BROOKE GLADSTONE: The Games are noisy. They should be, as Alexis Madrigal wrote recently for The Atlantic. What you see depends in part on what you hear. To be immersed in a performance on the uneven bars, we need to hear the slap of hands on wood and the bars flexing as the athlete twirls. Peregrine Andrews produced an audio documentary called “The Sound of Sport” that explains that some of what you’ll be hearing is not exactly what you’ll be seeing. Welcome, Peregrine.
PEREGRINE ANDREWS: Thank you.
BROOKE GLADSTONE: Let’s start with an example of the sound during the last London Olympics in 1948.
ANNOUNCER: Three hundred yards to go, Eriksson of Sweden leading and Strand right up at his shoulder. Three Swedes in front now, Slijkhuis fourth is catching up…
BROOKE GLADSTONE: I’m finding it interesting about all the Swedes, but I’m not hearing much in the way of sporting.
PEREGRINE ANDREWS: No. I’m not sure how many microphones they had access to, probably very few. And it may have literally been one microphone on the announcer, and any sound that happened to accidentally get picked up, you know, was — was a bonus.
BROOKE GLADSTONE: But now every detail of an event is recorded, even the flight of an arrow.
[AUDIO FROM ARCHERY]
PEREGRINE ANDREWS: You can, if you — if you listen carefully, clearly hear the three stages of the flight, the twang of the bow [TWANG] and the swish through the air [SWISH], and then the thud of the arrow hitting the target [THUD/APPLAUSE]. Most people probably haven’t seen real arrows very often, but they have watched films, they have watched “Robin Hood.”
[“ROBIN HOOD” CLIP]
And that kind of twang-swish-thud is quite possibly a movie-driven idea. But Dennis Baxter who’s the sort of lead sound designer on the Olympics, he felt that he needed to meet that. And so, he did by just using a clever combination of microphones and very carefully putting a microphone underneath the flight path of the arrow.
BROOKE GLADSTONE: Now let’s listen to the sound of a gymnast.
PEREGRINE ANDREWS: What we’re hearing there is the use of a thing called a contact microphone. So if you put on a balance beam a gymnast is walking along, you’ll actually hear something that you would never hear naturally if you stood beside the beam. What you’re actually picking up is the vibrations inside the beam. It’s a kind of hidden world. And it was just an idea that Dennis had. By bringing out the flexing of the bar as the nervous feet make their way along it, it makes for something really intense.
BROOKE GLADSTONE: But there are other examples where pre-recorded sounds are mixed into the sound of the event. This is a loop of horseracing that was used during live races.
[SOUND OF HORSES’ HOOVES]
PEREGRINE ANDREWS: There’s practical reasons why they do this. Your camera lenses can pull in shots from, you know, a mile away with their zooms. You have no microphone that can do that. So the only way you could cover a huge race like that would be to use hundreds of microphones, which is impractical. Or you fake it.
BROOKE GLADSTONE: Right.
PEREGRINE ANDREWS: And with horseracing, rather than put a load of microphones out across the track, they figured that they could use this kind of galloping — horses’ rumbles. It would fill in what you expect.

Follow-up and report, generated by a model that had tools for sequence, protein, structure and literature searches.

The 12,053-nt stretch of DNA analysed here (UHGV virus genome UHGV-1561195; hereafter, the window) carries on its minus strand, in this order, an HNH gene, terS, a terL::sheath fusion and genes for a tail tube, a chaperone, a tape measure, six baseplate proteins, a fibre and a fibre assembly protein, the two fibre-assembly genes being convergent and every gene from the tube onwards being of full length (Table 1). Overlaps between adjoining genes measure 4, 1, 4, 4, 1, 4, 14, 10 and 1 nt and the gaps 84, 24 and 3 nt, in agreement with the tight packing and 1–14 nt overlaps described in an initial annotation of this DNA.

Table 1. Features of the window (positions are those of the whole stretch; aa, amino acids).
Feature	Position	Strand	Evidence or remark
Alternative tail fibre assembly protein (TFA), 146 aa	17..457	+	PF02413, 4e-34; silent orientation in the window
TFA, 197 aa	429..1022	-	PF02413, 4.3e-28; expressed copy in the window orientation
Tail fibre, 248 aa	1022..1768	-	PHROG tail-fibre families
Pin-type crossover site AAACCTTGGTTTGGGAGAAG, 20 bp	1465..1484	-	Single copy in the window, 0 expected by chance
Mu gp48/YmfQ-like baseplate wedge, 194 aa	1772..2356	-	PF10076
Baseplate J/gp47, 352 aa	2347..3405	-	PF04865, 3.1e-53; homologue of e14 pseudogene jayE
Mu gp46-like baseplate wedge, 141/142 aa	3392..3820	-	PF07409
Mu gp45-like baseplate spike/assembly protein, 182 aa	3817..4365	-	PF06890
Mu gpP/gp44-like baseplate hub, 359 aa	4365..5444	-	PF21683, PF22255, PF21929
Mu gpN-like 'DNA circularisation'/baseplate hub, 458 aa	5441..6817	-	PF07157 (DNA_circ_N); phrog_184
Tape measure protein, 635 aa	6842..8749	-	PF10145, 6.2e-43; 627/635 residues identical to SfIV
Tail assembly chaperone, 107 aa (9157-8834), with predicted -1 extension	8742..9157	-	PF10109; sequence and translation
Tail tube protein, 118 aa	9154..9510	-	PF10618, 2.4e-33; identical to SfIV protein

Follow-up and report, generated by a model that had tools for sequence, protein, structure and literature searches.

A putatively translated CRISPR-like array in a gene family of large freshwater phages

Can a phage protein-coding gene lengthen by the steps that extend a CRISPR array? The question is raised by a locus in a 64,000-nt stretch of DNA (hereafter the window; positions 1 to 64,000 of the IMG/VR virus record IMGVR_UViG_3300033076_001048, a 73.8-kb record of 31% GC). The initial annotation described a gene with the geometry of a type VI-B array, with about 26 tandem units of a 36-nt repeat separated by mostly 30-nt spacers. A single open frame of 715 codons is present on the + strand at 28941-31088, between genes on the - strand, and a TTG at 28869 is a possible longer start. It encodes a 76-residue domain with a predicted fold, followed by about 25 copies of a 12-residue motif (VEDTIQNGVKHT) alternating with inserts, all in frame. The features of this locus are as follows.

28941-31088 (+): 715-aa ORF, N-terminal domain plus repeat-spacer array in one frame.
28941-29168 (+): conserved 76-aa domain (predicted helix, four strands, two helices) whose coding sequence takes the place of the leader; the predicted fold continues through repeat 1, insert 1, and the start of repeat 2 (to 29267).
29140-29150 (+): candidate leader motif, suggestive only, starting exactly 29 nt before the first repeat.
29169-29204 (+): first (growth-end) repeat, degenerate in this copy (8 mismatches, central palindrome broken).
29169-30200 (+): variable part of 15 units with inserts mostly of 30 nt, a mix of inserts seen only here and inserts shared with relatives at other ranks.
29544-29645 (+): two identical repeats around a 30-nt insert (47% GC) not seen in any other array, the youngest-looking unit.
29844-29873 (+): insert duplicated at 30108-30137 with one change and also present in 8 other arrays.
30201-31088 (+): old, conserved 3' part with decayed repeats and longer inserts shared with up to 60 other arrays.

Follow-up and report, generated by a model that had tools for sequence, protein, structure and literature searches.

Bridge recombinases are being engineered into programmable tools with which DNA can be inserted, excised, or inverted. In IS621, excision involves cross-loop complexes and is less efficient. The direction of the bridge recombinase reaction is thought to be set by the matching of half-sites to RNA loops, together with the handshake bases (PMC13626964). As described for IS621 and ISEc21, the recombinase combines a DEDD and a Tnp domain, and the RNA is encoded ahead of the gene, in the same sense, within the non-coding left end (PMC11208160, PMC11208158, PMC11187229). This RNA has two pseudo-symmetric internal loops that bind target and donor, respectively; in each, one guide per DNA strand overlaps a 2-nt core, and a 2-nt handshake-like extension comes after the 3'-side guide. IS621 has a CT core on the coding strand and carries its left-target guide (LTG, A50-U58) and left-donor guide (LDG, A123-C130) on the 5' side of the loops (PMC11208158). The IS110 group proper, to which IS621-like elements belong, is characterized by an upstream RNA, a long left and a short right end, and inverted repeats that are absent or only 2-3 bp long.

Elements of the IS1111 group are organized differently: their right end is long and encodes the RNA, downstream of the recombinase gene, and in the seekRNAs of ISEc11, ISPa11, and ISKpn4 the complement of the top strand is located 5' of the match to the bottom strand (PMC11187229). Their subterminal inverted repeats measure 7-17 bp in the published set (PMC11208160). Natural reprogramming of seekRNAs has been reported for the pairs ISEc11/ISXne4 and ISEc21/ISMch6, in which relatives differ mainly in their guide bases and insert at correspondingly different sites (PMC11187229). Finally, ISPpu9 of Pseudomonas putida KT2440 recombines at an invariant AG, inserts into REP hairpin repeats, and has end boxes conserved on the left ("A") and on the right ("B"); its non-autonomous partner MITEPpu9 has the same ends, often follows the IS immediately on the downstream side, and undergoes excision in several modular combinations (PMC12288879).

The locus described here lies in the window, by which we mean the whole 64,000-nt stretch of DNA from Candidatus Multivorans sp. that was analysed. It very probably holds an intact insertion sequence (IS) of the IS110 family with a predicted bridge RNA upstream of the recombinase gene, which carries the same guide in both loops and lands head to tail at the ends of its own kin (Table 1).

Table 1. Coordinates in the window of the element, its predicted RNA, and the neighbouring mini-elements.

BROOKE GLADSTONE: Some of those horses used in that loop might be dead!
PEREGRINE ANDREWS: [LAUGHS] Well, in fact, I was told, when I sourced the recording, that they may not even have been horses.
They may have been buffalo.
BROOKE GLADSTONE: [LAUGHS] But at least that’s not during the Olympics. During the Olympics, we have the example, however, of rowing in the 1996 Games in Atlanta. In that case, pre-recorded sound was used to create a more, quote, “natural” experience.
PEREGRINE ANDREWS: It’s a case of meeting expectations. And if you’re watching rowing on television, they’re not showing you the helicopters, they’re not showing you the chase boats, but all you can hear, if you have microphones placed along the course, is helicopters and chase boats, ‘cause they make an awful lot more noise than the rowing. Dennis and his team said, well what should we give people?
And I should make it clear that the use of these things is quite subtle and it’s generally mixed in with the natural sound.
BROOKE GLADSTONE: Natural though isn’t necessarily the same as — authentic.
PEREGRINE ANDREWS: No, but I mean what’s authentic? Television isn’t authentic.
You know, pointing lenses and microphones at things doesn’t capture reality. It captures a little sliver of reality.
BROOKE GLADSTONE: I have to be careful here. We’ll be cutting out your ums and my ahs and, even on our show. I will record ambience and sound and then read my text over it, But we wouldn’t insert ambient sound that was recorded in another time and place, like we wouldn’t put a, a marching band under you now, or maybe we would.
PEREGRINE ANDREWS: [LAUGHS] I’ll tell you something interesting, is I’ve worked in radio a lot. I then, sort of halfway through my career, started doing sound for TV. And the one thing I noticed was that you actually need a lot more sound. If you see someone slam a car door, if you don’t hear a car door slam, it really disturbs you. Your brain’ll just go, “There’s something wrong,”
[SOUND OF MARCHING BAND/UP & UNDER]
- that you find, you know, doing television post-production sound a lot of those little, what you might call cheats going, but that’s not even to make it big and Hollywood and hyper-real. That’s just to make it seem normal and right.
BROOKE GLADSTONE: Peregrine, thank you very much.
[MARCHING BAND PLAYING]
PEREGRINE ANDREWS: [LAUGHS] You’re welcome.
BROOKE GLADSTONE: Audio engineer and producer Peregrine Andrews is the producer of the audio documentary, “The Sound of Sports.”